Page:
CHICAGO — Understanding store valuation—determining the fair market value of a self-service laundry business—is key to the investor planning to buy or the store owner looking to sell. American Coin-Op spoke to three experts this month about the topic, including how the coronavirus pandemic has impacted store values.
John Vassiliades is a licensed real estate and business broker, and principal of John Vassiliades & Co., based in the Chicago area. During a career spanning more than 40 years, he’s been a multi-store owner as well as worked as a commercial equipment distributor, manufacturer’s representative, and executive director of an industry association.
Vassiliades says there are several valuation methods, and they’re relied on by different organizations. For example, the replacement value of a business is primarily relied upon by insurance companies. The depreciated value approach is primarily relied upon by banking. The market value approach is primarily relied upon by the real estate industry and is based off comparables in the market.
“We like to use the income value approach for evaluating businesses, because that really tells you what type of return you’re going to get for your investment,” he says.
Net income is annualized and then a return on investment (ROI) is calculated from the annual net income, says Carol Dang, whose California-based Elite Business Investments specializes in coin laundry brokerage services and equipment sales. She’s been in the laundry business since 1983.
“That figure can be anywhere from a 20% ROI to 40% ROI or more,” Dang says. “If the store is in need of equipment, that dollar amount may play a role in where the ROI will land.”
Larry Larsen’s more than 40 years of industry experience includes equipment sales, store development and multi-store ownership/operation. He’s a California-based real estate broker who’s acted as appraiser and consultant in hundreds of Laundromat valuations.
He believes that using a multiple of net income to determine a Laundromat’s value isn’t reliable.
“It is useful in the analysis of the purchase of residential and commercial income property, but not in the evaluation of an income flow,” Larsen says. “Its familiarity to many investors has been adapted for use by Laundromat salesmen looking for a simple method to be used in their sales presentations, but really is not appropriate to placing value on a self-service laundry.”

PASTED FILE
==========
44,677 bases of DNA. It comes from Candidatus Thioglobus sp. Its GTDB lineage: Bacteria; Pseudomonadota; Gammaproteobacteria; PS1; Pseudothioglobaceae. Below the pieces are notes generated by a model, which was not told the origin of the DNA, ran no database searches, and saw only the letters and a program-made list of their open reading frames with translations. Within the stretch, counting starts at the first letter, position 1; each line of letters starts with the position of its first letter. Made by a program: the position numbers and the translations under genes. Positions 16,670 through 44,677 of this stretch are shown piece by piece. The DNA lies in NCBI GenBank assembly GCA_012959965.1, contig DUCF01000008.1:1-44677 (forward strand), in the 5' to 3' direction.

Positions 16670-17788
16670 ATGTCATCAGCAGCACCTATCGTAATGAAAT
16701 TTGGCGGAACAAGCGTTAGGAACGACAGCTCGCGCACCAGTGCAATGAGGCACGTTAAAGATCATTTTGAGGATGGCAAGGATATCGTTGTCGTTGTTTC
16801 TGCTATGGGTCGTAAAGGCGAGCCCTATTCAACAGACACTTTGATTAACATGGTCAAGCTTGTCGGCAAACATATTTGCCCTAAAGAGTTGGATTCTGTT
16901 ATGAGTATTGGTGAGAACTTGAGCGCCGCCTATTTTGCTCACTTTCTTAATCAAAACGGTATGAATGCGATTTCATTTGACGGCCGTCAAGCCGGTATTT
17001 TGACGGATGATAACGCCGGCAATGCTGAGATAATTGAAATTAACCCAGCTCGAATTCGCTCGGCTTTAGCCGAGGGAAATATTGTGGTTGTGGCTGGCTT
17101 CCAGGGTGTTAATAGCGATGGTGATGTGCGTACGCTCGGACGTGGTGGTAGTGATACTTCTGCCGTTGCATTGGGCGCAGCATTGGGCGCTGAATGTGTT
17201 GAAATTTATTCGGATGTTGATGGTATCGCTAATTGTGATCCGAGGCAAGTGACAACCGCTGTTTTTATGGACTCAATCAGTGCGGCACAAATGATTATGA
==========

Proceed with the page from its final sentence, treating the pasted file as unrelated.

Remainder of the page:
Larsen offers an example: There are two Laundromats, each of which nets $10,000 a month. Owner of Store A does his own repairs and cleaning, operates 15-year-old equipment and has a 20-year lease. Owner of Store B expenses all repairs and cleaning and operates 3-year-old equipment but has a lease that expires in two years and can’t be extended. “Based on a purely net multiple, how can both stores be worth the same?” he asks.
What aspects of a laundry—the lease, equipment, level of profitability, the surrounding neighborhood, something else—tend to have the greatest impact on its valuation … or devaluation?
All of these play an important role in laundry valuation, Dang says.
“The lease is extremely important, it can make or break a store. It is important to look at the length of the lease and the increases in the lease as well as [triple net] charges. Equipment is also important. However, if the store is profitable and has a good long-term lease at a reasonable rent, then replacing equipment should only add value to the location and usually will increase the profit.
“Knowing the surrounding area is very important. You should know if there are any new laundries being built. Or are there stores closing, and why? Is the community thriving, or is it a community that has some issues with gangs?”
“All of the ones you mentioned actually have an impact and are weighted in the application of the net cash flow to determine what the value is of the business,” Vassiliades says. “For example, if you’re looking at the equipment, anything newer than 10 years would impact positively on the valuation. If the lease is less than 15 years, that would be a negative. Anything more than 15 years would be a positive.”
Larsen says the most important aspect of value is neighborhood demand or need for a Laundromat, often determined by a professional demographics study.
“Demand would be followed by the provisions and terms of the lease, adequate parking for customers (at least one unrestricted space for every 400 square feet of a store) and, finally, visibility,” he says. “Existing competition and planned competition need to be carefully included in any due diligence process.
“An often overlooked aspect of value of a Laundromat investment is potential; can the income be grown in a reasonable and likely effort?”
Check back Thursday for Part 2!